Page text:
Crop management topics

Printable conference program

  • 1. Crop markets for 2022 and beyond (1.0 CM)

    Chad Hart, professor and extension economist, Economics, Iowa State University, Ames, IA

    We'll discuss the current U.S. and global crop supply and demand situation, the factors influencing crop prices, and the outlook for the upcoming year. We'll explore the impacts trade deals, viruses, and technology have had and will continue to have on the markets.
    Session A - Wednesday, 9:00 AM - 9:50 AM
    Session C - Wednesday, 11:00 AM - 11:50 AM

  • 2. Will Iowa farmland values continue to grow? (1.0 CM)

    Wendong Zhang, associate professor and extension economist, Economics, Iowa State University, Ames, IA

    Iowa and Midwest farmland market is on fire now, but there are also headwinds due to rising input costs, concerns about inflation and possible tax changes. This presentation will discuss the farmland situation and outlook.
    Session D - Wednesday, 1:00 PM - 1:50 PM
    Session E - Wednesday, 2:00 PM - 2:50 PM

  • 3. Current conditions, climatological outlooks and the science of seasonal predictability (1.0 CM)

    Justin Glisan, State Climatologist of Iowa, Iowa Department of Agriculture and Land Stewardship, Des Moines, IA

    The presentation will discuss conditions, including on going drought, from late fall into the winter. Short-term and seasonal climatological outlooks and expectations for the next growing season will also be summarized. The final topic of the presentation will highlight the science of seasonal forecastability and potential.
    Session L - Thursday, 1:00 PM - 1:50 PM
    Session N - Thursday, 3:00 PM - 3:50 PM

  • 4. Understanding and managing changing climate conditions in Midwest agriculture: Information and tools (1.0 CM)

    Dennis Todey, director, USDA Midwest Climate Hub, USDA-ARS, Ames, IA

    Climate issues continue to affect Midwestern agriculture and are expected to worsen over time. Understanding climate imapct issues are only part of the situation-knowing what can be done to start managing the problems are the next step. This talk will discuss and share more about possible issues as well as start introducing solutions.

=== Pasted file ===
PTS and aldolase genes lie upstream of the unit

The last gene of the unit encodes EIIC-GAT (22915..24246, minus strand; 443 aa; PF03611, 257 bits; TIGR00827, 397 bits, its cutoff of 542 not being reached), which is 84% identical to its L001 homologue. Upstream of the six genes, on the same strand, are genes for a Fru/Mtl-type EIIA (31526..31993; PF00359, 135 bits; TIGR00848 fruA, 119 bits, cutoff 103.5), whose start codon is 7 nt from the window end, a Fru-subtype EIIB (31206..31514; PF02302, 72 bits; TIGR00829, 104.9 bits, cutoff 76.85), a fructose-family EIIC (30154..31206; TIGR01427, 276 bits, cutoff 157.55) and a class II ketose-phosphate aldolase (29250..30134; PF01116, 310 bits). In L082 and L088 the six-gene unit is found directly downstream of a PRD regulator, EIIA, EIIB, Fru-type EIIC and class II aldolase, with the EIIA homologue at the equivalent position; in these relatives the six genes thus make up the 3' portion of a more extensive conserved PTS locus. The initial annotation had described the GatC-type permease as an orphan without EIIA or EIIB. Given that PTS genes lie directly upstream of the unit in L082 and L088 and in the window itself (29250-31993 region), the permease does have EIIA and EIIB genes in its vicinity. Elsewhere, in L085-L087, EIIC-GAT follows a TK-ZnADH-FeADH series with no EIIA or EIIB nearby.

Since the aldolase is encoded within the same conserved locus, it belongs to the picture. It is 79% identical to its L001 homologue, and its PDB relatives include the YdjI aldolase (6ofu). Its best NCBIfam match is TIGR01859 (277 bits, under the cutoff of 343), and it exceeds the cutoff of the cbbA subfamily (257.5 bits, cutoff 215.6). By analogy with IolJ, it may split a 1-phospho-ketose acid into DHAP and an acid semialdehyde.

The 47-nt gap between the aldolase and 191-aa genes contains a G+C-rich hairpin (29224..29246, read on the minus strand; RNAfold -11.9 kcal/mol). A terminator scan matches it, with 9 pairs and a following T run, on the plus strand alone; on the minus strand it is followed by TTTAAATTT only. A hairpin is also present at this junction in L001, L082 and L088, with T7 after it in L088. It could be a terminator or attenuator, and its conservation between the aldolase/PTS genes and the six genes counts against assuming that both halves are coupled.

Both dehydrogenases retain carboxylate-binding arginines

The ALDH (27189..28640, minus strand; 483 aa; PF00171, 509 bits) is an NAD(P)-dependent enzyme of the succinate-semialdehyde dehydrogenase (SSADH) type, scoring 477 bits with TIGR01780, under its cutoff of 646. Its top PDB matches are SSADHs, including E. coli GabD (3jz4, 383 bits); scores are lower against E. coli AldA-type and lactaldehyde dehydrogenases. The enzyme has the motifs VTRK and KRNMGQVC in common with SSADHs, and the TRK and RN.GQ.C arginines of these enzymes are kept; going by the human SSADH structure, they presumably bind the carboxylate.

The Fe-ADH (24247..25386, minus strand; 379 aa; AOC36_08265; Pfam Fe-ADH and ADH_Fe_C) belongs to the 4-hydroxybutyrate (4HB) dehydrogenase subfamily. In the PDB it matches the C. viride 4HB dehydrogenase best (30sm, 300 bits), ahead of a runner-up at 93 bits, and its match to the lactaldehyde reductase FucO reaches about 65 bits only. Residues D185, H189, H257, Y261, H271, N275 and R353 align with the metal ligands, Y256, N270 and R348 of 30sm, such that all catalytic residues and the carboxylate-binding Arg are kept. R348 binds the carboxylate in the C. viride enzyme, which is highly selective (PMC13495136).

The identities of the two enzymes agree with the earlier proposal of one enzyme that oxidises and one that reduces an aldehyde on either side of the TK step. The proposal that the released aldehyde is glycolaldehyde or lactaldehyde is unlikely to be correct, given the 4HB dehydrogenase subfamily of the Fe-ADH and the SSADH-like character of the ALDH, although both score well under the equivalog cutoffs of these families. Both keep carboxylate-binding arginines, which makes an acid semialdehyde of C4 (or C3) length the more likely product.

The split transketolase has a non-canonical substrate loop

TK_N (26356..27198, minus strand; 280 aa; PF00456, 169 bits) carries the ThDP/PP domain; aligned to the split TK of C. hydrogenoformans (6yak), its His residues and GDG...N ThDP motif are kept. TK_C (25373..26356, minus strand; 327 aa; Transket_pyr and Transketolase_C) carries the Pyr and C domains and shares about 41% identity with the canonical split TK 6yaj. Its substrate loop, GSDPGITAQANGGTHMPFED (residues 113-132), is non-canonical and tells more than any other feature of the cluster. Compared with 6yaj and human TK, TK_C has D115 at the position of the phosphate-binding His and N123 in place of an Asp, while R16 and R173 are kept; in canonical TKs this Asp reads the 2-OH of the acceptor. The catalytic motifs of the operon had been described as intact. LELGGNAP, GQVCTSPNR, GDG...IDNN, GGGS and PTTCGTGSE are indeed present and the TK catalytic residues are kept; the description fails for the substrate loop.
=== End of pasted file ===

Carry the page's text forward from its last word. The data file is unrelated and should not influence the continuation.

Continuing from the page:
Session F - Wednesday, 3:10 PM - 4:00 PM
    Session G - Wednesday, 4:10 PM - 5:00 PM

  • 5. 2021 cropping year in review: Crop yields and soil moisture (1.0 CM)

    Sotirios Archontoulis, associate professor, Agronomy, Iowa State University, Ames, IA

    This presentation will review 2021 crop yields, soil moisture conditions, and present new experimental and modeling results.
    Session H - Thursday, 8:00 AM - 8:50 AM
    Session I - Thursday, 9:00 AM - 9:50 AM

  • 6. Late soybeans early: Research on a high yielding soybean production system (1.0 CM)

    Anthony Martin, senior field services program manager, Iowa Soybean Association, Ankeny, IA; Mike Witt, extension field agronomist, Iowa State University Extension and Outreach, Guthrie Center, IA

    For the past three years, Iowa State University and the Iowa Soybean Association have collaborated on a potentially higher yielding soybean production system. In this on-farm research, we compared soybeans planted in April versus May or June planting dates with two different soybean maturity groups. The early planted soybeans were treated with a fungicide at some locations to compare a potentially higher yield soybean system with standard practices. Results indicate opportunities for farmers to realize higher soybean yields as well as increasing our understanding of how different soybean maturity groups respond to earlier planting.
    Session M - Thursday, 2:00 PM - 2:50 PM
    Session N - Thursday, 3:00 PM - 3:50 PM

  • 7. Strategies for cover crops: Where to start (1.0 CM)

    Mark Licht, assistant professor and extension cropping systems specialist, Agronomy, Iowa State University, Ames, IA

    Interest in cover crops has been growing for more than a decade. However, adoption of cover crops is only a small portion of Iowa corn and soybean acres. This presentation will explore cover crop management practices that lead to successful adoption.
    Session A - Wednesday, 9:00 AM - 9:50 AM
    Session C - Wednesday, 11:00 AM - 11:50 AM

  • 8. Grain quality was REALLY hard to forecast this year! (1.0 CM)

    Charles Hurburgh, professor, Agricultural and Biosystems Engineering and professor in charge, Iowa Grain Quality Initiative, Iowa State University, Ames, IA

    Timing was everything in 2021. Extended dry periods turned into just in time rains, and quality much better than expected. Why and what about 2022? How will we fare in an increasing world market that has more demands than just volume?
    Session L - Thursday, 1:00 PM - 1:50 PM
    Session M - Thursday, 2:00 PM - 2:50 PM